Most of Giller Prize-shortlisted novelist Shani Mootoo’s latest book Moving Forward Sideways Like A Crab is beholden to silence. The characters in this new novel, Mootoo’s third, keep most of their thoughts to themselves. Fear is the culprit – fear of vulnerability and reprisal – but also ambivalence, trepidation, and deference. This book is about many things – specifically gender, racism, identity, family, and escape – but it is also a rumination on the things that we do not say. Writing about a conservative Indo-Caribbean community in Trinidad and a small cluster of individualistic, bougie Torontonians, Mootoo draws this conclusion: people are assholes, no matter where they live.
For Moving Forward, the Toronto-based novelist returns to her native Trinidad to explore the fraught tangle of identities that marginalize people – women and queer-identified, in particular – in certain communities. Relocating to seemingly more tolerant cities, like Toronto, doesn’t change much: these places practice their own forms of social exclusion. This time around, Mootoo commits a white Canadian male protagonist to the messy task of unpacking these ideas – a canny technique in an age when the Donald Sterlings of the world are finally being called out.
Jonathan Lewis-Adey grew up in Toronto knowing two mothers, one of whom is his adoptive parent Sid Mahale. When the couple eventually parts ways, Sid leaves without saying goodbye and Jonathan, nine years old at the time, grows into adulthood struggling with feelings of abandonment. His birth mother Caroline – a moderately successful and self-absorbed novelist from an upper-crusty British family – callously does nothing to assuage these feelings and so, after years apart, Jonathan finds himself knocking on the door of a sleepy compound near Chaguaramas in Trinidad’s northwest. This is where he learns that Sid is now living as a man named Sydney, having undergone gender reassignment surgery before leaving Toronto.
Over the course of a near-decade, the two work at re-establishing a relationship. Jonathan’s regular trips to the island allow him to very slowly understand Trinidad, leading to a better understanding of Sydney. But it’s not until Sydney is on his deathbed that he finally opens up about a lifetime of isolation and discrimination, from family and friends at home, in the arts community in Toronto, and even in his relationship with Jonathan’s mother. Ultimately we learn that Sydney’s departure, gender reassignment and return to Trinidad are linked to something much more complicated – something that has nothing to do with Jonathan. Mootoo excels at writing through this disconnect, allowing each traces of selfishness and guilt without letting a sentiment settle for too long. She sparsely populates this novel, letting Jonathan’s silent frustrations and Sydney’s debilitating fears echo. With the exception of Zain, Sydney’s long-time friend and unrealized love, the secondary voices that exist –family, peripheral love interests, the household help – do so only to bring the two protagonists out of their thoughts.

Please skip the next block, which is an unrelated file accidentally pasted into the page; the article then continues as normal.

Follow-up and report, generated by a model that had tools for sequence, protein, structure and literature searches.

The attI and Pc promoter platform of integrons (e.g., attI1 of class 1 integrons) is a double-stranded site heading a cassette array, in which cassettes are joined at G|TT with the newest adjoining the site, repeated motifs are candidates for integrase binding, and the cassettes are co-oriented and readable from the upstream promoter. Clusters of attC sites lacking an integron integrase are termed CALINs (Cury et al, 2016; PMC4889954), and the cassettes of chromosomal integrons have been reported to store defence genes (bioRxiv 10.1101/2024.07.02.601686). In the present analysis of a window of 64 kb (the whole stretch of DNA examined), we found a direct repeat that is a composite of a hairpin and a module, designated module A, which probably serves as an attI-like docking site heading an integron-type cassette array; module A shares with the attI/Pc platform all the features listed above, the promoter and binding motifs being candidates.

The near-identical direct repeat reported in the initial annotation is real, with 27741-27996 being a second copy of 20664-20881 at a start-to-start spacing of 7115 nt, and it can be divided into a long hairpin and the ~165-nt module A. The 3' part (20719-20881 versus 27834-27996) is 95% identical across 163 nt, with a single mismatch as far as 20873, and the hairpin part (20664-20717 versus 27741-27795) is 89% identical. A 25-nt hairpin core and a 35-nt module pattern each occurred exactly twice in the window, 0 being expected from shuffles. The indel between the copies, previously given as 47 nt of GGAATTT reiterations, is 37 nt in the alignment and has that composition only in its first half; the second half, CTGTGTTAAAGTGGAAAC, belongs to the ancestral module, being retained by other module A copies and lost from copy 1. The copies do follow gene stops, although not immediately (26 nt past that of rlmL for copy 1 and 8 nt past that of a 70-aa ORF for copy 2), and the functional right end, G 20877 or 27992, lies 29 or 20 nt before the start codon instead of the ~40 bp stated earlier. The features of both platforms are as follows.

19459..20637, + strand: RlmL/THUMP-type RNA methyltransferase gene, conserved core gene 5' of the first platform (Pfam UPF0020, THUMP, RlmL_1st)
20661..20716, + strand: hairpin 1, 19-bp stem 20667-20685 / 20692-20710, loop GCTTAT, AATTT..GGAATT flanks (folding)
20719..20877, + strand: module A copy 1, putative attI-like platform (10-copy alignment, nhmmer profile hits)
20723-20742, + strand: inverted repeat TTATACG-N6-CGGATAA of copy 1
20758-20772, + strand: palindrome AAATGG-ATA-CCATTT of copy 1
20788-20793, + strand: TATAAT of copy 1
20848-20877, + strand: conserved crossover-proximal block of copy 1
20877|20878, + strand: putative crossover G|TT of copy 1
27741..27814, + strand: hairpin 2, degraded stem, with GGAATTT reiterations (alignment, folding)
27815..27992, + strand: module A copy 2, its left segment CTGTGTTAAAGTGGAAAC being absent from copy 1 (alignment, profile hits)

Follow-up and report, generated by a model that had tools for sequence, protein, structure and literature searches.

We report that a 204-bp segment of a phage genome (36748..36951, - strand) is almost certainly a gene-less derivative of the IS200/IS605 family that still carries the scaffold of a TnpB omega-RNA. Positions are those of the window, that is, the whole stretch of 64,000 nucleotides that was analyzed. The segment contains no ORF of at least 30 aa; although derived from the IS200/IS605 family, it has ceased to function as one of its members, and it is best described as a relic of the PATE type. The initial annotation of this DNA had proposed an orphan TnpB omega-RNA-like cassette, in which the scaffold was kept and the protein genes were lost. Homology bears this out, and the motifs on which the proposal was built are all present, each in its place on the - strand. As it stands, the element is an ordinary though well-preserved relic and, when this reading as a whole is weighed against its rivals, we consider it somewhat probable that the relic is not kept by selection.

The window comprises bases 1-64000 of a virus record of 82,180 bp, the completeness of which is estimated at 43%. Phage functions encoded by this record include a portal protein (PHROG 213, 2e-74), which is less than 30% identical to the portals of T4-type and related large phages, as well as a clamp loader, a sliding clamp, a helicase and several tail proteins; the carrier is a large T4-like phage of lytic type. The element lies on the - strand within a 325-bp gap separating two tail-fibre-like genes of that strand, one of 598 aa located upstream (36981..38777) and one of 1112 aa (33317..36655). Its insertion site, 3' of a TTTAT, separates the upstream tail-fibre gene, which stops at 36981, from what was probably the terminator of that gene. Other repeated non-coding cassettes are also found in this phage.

Nature is a supporting character as well. Mootoo has a longstanding obsession with the Trinidadian wilderness – the title of her first novel is an homage, The Cereus Blooms At Night – and her brilliant evocations of the country’s paradisiacal glow, intended to weld the foreigner Jonathan to Sydney’s island, are a real gift to the reader. “Rosettes of bromeliads and delicate orchids clustered around the trunks and branches of the trees, and Spanish moss clumped and hung like wet lace curtains,” she surveys her home country, occasionally slipping, awed, into genus classifications. “The philodendron as large as a living room in a downtown Toronto apartment, the dracaena reaching up as high as a billboard.” Monkeys howl, bellbirds tock, little things jump in the bushes.
And like most elderly folks and people unsure of what to say, Sydney talks about the weather – in Toronto, that is. “Had a person never experienced such temperature, such wind, she or he would have a hard time imagining it,” he says to Jonathan, stalling, riffing on a story he’s been starting and never finishing since the two reunited. Everything that happens in the story swirls around the day that Sid shuffled through a frigid Toronto snowstorm to commit to the surgery and process that would make her Sydney. Jonathan sees this story as the mere ramblings of an aged person, but by the tidy end he learns that Sid wasn’t abandoning him so much as escaping herself.
Moving Forward has a fascinating premise, one that emboldens Mootoo’s ongoing literary project of giving voice to sexual minorities with brown faces from hot countries. These narratives exist in desperately small numbers, though there are some authors out there who have adopted the post-postcolonial writer’s task of embracing “shame,” like Tamil-Canadian writer Shyam Selvadurai, India’s Jeet Thayil, and Binyavanga Wainaina from Kenya. They are stories that can no longer be silenced.
Anupa Mistry lives in Toronto and writes about the arts.
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